What this says is that RBs, QBs, DE’s, CB’s and WR’s are more coveted vs their number of players at that position on the field. It also says that Safeties and Interior Offensive Linemen are less coveted relative to their numbers on the field. This makes a great deal of sense given what we know about the game. Interior Offensive Linemen are less skilled than Tackles, and while they are in the trenches, they do not cause fumbles and make impact the way other players can. Likewise, Safeties are not as fast as Cornerbacks and certainly not as important as a versatile LB or DE (who can wreak more havoc on a QB).

ULTIMATENYG General Manager:
(a) Underweight RB. While these players can have great impact, they also rate to get injured and have far shorter careers.
(b) Underweight WR. We have discussed this in 2007’s offseason. There are always WRs available in free agency. Case in point Burress, Moss and Stallworth. Less draft, more free agent. If you want a quality WR, the Toomers and Smiths are there in Round 2 anyway.
(c) Underweight DL if you can. This is not a statement about need for effectiveness in the trenches. It is merely an observation that DL is probably the second hardest position for a rookie next to QB, and that experience is more important than pedigree. I keep thinking about Barry Cofield and Keith Hamilton at Round4 vs the Jets’ Dwayne Robertson at Round1, the 4th pick in the entire draft. Good DL’s take years to develop, and it negates the immediate impact you need for your first rounder in today’s cap world. Articulated another way- you can win a title with a midround DL who simply is afforded the time to play the position.
(d) Overweight OT. SLAM DUNK. The statistic above that Offensive Tackles are only taken roughly in line with their natural frequency on the field is very surprising to me. The numbers do not lie. Use this to your advantage and draft more Offensive Tackles.

Top Draft Busts in the Modern Era

March 19, 2008

Here is a 2005 Sports Illustrated Slideshow of some of the worst draft picks ever made. Woof.

Spygate saga continues

March 10, 2008

The Goodell-Specter-Walsh-Belichick Spygate saga does not go away. The bottomline here is that Matt Walsh is a private citizen with alleged material in a private industry that is dangerous to private parties. So nothing has to happen for everyone to be happy. But Senator Arlen Specter of Pennsylvania is not happy with that. He has asked some interesting questions and will not disappear so easily.

The power structure of the NFL (the owners) does not want a black eye at this point, even if it means justice for one or two teams at the expense of an another. Their logic is simple… from a utilitarian viewpoint, further discussion of the matter hurts the NFL. Apparently Goodell had convinced owners (of franchises that could have been harmed by Patriots spying) that even if they were eventually redressed by the results of a deeper investigation, it would harm the NFL so much that redressed teams would not come out winners either. Since Walsh (the alleged videotaper) has requested immunity in order to come forward, Goodell up to this point has not offered that because he has no incentive to proceed any further with the inquiry.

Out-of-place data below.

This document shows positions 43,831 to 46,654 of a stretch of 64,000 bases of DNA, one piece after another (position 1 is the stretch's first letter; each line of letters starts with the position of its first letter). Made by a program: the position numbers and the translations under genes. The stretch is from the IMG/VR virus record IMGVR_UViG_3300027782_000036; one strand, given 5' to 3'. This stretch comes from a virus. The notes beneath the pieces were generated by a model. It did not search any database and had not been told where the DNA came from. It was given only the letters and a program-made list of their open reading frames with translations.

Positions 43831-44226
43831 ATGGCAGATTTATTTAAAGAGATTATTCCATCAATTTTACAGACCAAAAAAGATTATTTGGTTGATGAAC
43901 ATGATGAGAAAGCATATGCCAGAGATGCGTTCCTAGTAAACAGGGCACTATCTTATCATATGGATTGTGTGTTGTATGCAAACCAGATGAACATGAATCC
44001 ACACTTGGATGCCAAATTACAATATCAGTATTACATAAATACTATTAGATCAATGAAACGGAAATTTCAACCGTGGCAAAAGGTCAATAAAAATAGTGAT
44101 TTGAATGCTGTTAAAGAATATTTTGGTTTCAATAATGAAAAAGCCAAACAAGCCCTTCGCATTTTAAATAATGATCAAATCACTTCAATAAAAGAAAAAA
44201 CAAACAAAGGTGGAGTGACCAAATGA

That apparently has changed- a deal to get Walsh to talk seems closer. Goodell is certainly getting pressure. As much as he has tried to make this thing go away, he is likely getting threats with other actions if the investigation does not continue. You can tell in his press release how he words everything to demonstrate that the NFL is not acting passively, at least not anymore. At this point he is trying to prove effort as much as anything else.

Free Agency Busts

March 3, 2008

Free Agency Models compared

BEFORE ANYONE GETS TOO EXCITED WITH THE GRASS BEING GREENER IN THE NEIGHBOR’S YARD:

Top 10 Free Agent Busts (..and the Giants not close to anyone on this list.)

I think you could have come up with a list of the Top 10 Redskin Free Agent Busts singlehandedly. Hmm, let’s try (in no particular order)…

1) Deion Sanders (this is a stickup, gimme all your money!)
2) Adam Archuletta (instant doom)
3) Dana Stubblefield (my favorite, he had me quaking in my boots coming over from the 49ers in the early years of free agency, and every game we saw him he was as tame as a kitten)
4) Jeremiah Trotter (good with the Eagles, bad with the Skins, good with the Eagles!)
5) Bruce Smith (the older they are, the more insane the team)
6) Jeff George (Jeff George)
7) Stanley Richard (4 quiet years, a relative genius acquisition on this list)
8) James Washington (Dallas dude, Washington dud)
9) Mike Barrow (beware of LBers over the age of 30)
10) Jacquez Green (you could have had your pick of any one of a # of Spurrier misses)

Coughlin spoke w Francesa today

February 8, 2008

Coughlin mentioned two rookie “unheralded” plays… (1) when McQuarters fumbles away one of those late punt returns vs the Packers, one guy from GB is trying to pick it up and flubs, and it is Michael Johnson who pops it out of there so that Hixon can recover. (2) In the Super Bowl, when Ahmad Bradshaw fumbles, he gets back his own fumble with cool resourcefulness.

When the subject of Tuck came up, Coughlin praised Tuck immensely and pointed out that last year when he got injured, the team really missed him and Michael Strahan.

Separately, nothing to do with this interview, they have an 18 minute version of Super Bowl highlights on NFL Films, and they showed that on the very first play of the game- a kickoff to Hixon, he only gets to ~near the 20 yard line. Hixon was face masked for SECONDS and it would have been 15 yards.